Texas AFT Retirees’ Concerns Over Politically Influenced Investment of Pension Funds Draw Media Attention to a Pattern of “Questionable Dealing”

Yesterday’s call by retired Texas AFT members in Dallas for a genuinely independent, impartial investigation of alleged political influence over the investment of their Texas Teacher Retirement System pension fund has set off media reverberations statewide.

In Austin, the main daily newspaper gave the story front-page treatment, in a story entitled “Teachers, retirees question independence of pension fund investigator.” An abbreviated version of this American-Statesman story was carried statewide by the Associated Press.

The Austin American-Statesman report offered new information bolstering retirees’ concerns. It turns out that the supposedly “independent” investigator chosen by TRS to look into a whistleblower’s allegations of improper, politicized investment decisions was not so independent after all. The law firm of Roel Campos was already the beneficiary of an $820,000 contract with TRS to provide advice on investment matters at the time he was chosen to conduct the inquiry for TRS. His inquiry found “no definitive evidence” of political misuse of the pension fund to favor certain investments, some of which involved big givers to Gov. Rick Perry’s political campaigns.

The newspaper report continued: “Linda Bridges, president of the Texas affiliate of the American Federation of Teachers, said the report’s findings are not credible because of Campos’ involvement. ‘If you want to control the situation, you control who does the work,’ Bridges said.”

Texas AFT and retired education employees already had ample questions about the credibility of this TRS internal investigation in light of an earlier episode involving Roel Campos and his law firm. As the Austin paper reported, “In 2008, Campos’ firm was the beneficiary of a controversial board decision to oust the fiduciary counsel who had served the fund for the previous 12 years. The fiduciary counsel provides legal guidance on ethics and governance issues.

“But the contract for Cooley Godward Kronish LLP [Campos’ firm] was scuttled by the Texas attorney general because of concerns about potential conflicts of interest with the firm’s existing clients, some of whom were venture capital firms.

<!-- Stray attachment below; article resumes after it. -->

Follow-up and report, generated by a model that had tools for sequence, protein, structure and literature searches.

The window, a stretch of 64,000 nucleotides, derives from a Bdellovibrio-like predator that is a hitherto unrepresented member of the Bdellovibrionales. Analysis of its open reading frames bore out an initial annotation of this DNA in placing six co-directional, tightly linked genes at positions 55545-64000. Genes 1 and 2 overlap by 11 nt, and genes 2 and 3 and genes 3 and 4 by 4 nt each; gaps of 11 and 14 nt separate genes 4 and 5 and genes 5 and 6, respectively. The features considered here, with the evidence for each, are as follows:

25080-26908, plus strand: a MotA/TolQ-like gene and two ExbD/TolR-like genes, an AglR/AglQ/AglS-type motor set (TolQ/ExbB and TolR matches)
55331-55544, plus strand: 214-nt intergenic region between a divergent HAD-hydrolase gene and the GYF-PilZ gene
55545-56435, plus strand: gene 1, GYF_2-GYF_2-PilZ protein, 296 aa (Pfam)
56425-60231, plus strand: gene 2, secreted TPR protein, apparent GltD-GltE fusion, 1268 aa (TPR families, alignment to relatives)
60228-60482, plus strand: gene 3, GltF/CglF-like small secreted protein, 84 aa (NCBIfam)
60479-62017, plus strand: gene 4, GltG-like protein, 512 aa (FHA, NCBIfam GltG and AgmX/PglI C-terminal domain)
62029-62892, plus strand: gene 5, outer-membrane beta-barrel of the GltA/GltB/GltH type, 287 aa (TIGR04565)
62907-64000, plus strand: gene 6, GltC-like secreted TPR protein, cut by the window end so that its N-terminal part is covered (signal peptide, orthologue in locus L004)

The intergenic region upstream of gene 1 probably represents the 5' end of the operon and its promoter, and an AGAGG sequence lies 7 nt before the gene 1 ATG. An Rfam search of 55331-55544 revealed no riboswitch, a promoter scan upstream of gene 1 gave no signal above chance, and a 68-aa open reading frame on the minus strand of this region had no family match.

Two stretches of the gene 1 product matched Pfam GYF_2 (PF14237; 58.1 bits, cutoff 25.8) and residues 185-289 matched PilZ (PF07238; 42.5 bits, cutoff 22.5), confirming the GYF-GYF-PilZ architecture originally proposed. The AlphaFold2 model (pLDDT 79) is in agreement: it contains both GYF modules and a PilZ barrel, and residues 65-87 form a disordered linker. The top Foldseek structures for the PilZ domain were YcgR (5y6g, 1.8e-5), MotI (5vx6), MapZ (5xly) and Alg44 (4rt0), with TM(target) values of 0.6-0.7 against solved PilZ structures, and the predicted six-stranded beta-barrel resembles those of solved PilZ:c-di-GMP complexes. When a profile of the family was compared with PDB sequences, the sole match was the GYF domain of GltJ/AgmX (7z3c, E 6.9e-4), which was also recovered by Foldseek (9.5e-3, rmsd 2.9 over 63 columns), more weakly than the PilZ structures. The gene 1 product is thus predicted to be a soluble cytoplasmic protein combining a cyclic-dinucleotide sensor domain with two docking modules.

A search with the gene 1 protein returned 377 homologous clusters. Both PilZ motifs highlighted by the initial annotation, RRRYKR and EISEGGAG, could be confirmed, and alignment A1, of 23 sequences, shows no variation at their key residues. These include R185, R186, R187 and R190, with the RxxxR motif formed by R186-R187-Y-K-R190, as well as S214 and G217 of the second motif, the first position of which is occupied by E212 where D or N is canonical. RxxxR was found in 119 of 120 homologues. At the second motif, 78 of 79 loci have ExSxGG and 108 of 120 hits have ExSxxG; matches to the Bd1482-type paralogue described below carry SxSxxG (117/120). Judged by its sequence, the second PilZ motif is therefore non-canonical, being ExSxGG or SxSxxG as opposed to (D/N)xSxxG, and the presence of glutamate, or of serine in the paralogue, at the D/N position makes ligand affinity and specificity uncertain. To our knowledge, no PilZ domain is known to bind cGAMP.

“Cooley Godward withdrew from the fiduciary counsel job in November 2008.

“A few weeks later, the retirement system submitted the firm for another job providing legal advice on investment matters.

“The switch was mentioned at a board meeting, but the firm did not go through the normal hiring process for the investment counsel job. The 28-month contract is worth up to $820,000.”

The Dallas Morning News, in an editorial published Monday, summed up the implications of the affair with this headline: “The Perry Machine: Pension fund charge another strike against governor.” The editorial quoted the TRS whistleblower’s warning about the “creation of a culture where Board members feel empowered to finance their personal agendas with teacher/retiree/taxpayer $$.”

The Morning News editorial team linked the TRS story to other questionable dealings in which Perry allies appeared to benefit from state largesse, such as investments in private ventures chosen by the Texas Emerging Technology Fund. The editorial rightly noted that there is extra cause for concern when it comes to the pension fund for Texas school employees. “The wrong decisions could cost teachers their retirements and soak the state for billions of pension liabilities. The stakes are so high that political friendships should never be a consideration,” said the Morning News, and “even injecting a hint of politics into the investment decisions of a key pension fund is dangerous on its face.”

The Dallas newspaper concluded that the pattern of questionable dealing involving politicized decision-making at various state boards under Rick Perry’s governorship “confirms why 14 years entrenched as governor would be too long for Perry.”